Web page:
A waxwork museum comes to town, and a mysterious man invites some teens to come to a special showing at midnight. Once inside, while viewing different exhibits, the scenes come alive and the viewer is sucked into the story being portrayed.Written by
Ed Sutton <firstname.lastname@example.org>
In the shooting script, Johnathan (Micah Grant) is staring at an exhibit of Jason Vorhees from the Friday the 13th and Jason film franchises. When Johnathan tells Lincoln about it looked like the same Jason mask from the movies, Mr. Lincoln asks Johnathan: "They made a movie about the Jason killings?" In the film, there is no Jason Vorhees display (due to legal copywrite issues) and Johnathan instead stares at an exhibit of the Phantom of the Opera. See more »
In the werewolf scene, when the hunters arrive to kill the werewolf, the young one hands the older one a box containing 3 silver bullets. The older hunter drops the bullets and as he is bending down, we see all 3 on the ground. A few minutes later the older hunter loads a silver bullet and shoots the werewolf. We then see Tony beginning to change. The older hunter kneels down to get another bullet and we see 3 intact bullets on the ground. See more »
[reading the first bit of the essay he had his maid write for him on 'Dictators']
'The Trouble with Dictators'. I think dictators are the bad people. They have the shouting voices, and the small moustaches.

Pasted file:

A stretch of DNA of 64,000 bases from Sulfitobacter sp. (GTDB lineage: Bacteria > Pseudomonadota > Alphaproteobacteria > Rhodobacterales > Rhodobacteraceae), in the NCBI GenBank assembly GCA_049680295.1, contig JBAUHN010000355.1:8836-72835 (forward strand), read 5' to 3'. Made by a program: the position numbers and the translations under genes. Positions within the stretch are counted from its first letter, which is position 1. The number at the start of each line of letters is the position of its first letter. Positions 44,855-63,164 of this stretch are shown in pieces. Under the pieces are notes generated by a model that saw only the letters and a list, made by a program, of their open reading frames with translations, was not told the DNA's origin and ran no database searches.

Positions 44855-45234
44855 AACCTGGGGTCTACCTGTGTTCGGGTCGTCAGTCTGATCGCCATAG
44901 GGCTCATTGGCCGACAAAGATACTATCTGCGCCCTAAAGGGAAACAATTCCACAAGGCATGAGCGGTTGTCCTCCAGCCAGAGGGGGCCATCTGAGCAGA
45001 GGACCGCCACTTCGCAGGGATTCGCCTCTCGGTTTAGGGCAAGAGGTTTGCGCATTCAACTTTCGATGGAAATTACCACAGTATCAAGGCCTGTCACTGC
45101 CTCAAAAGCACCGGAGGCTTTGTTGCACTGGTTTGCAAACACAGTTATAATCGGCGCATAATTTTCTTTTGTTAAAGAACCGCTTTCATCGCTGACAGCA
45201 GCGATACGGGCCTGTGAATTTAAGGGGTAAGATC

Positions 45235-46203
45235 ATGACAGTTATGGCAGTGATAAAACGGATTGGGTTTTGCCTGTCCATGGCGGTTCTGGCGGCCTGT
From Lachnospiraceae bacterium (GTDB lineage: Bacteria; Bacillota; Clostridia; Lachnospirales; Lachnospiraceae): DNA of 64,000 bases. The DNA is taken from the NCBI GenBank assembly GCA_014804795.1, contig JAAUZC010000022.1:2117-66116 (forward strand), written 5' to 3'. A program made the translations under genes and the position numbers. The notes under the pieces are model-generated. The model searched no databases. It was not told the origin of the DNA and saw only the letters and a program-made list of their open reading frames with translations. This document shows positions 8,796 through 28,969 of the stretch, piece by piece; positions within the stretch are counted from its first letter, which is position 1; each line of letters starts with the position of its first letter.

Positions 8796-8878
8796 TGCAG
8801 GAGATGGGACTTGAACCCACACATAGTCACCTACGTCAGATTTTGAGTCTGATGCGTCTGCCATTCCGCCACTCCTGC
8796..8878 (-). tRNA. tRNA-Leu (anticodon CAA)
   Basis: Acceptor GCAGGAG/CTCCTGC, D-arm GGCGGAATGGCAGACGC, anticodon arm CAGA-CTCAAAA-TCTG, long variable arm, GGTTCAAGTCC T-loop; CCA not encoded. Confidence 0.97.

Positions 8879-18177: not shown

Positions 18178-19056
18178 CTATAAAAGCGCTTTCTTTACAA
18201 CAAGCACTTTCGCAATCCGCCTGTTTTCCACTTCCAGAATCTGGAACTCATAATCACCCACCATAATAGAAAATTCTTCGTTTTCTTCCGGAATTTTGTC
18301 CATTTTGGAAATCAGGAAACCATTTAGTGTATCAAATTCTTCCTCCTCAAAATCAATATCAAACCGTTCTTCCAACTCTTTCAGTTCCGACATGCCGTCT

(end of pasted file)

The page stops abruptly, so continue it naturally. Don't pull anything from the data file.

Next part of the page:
See more »
At the end of the credits the song "It's my party" gets interrupted by sounds of boiling wax See more »
If you can get through the first half hour of this film, which features bad dialogue and stiff performances, you may just enjoy it.
A small group of spoiled teens (and one nice girl) go into a mysterious wax museum after hours and each succumb to a different, and dangerous, display. John Rhys Davies (long before his now famous "Gimli the Dwarf" days) is here as a tortured, dramatic werewolf. Miles O'Keefe (whom hardcore MST3K fans will have no trouble recognizing) is a hair product dependent Count Dracula, who seduces the rich-bitch of the group into a nasty, bloody, gross-out dinner party. The Nice Girl (Deborah Foreman) is drawn into the S&M world of The Marquis De Sade (as played by the too seldom seen J. Kenneth Campbell) and it is up to the rich boy turned nice guy to save her before she is whipped to death. Once all of the displays are filled, the characters within are unleashed, and it becomes a war within the wax museum as the remaining heroes must now battle the wax monsters and their transformed friends.
All in all, this plays more like a comedy than a horror film, but the violence, when it appears, is so over-the-top that splatter fans won't be too disappointed.
Followed by a pretty good sequel filled with numerous references to classic horror. Worth checking out at least once.
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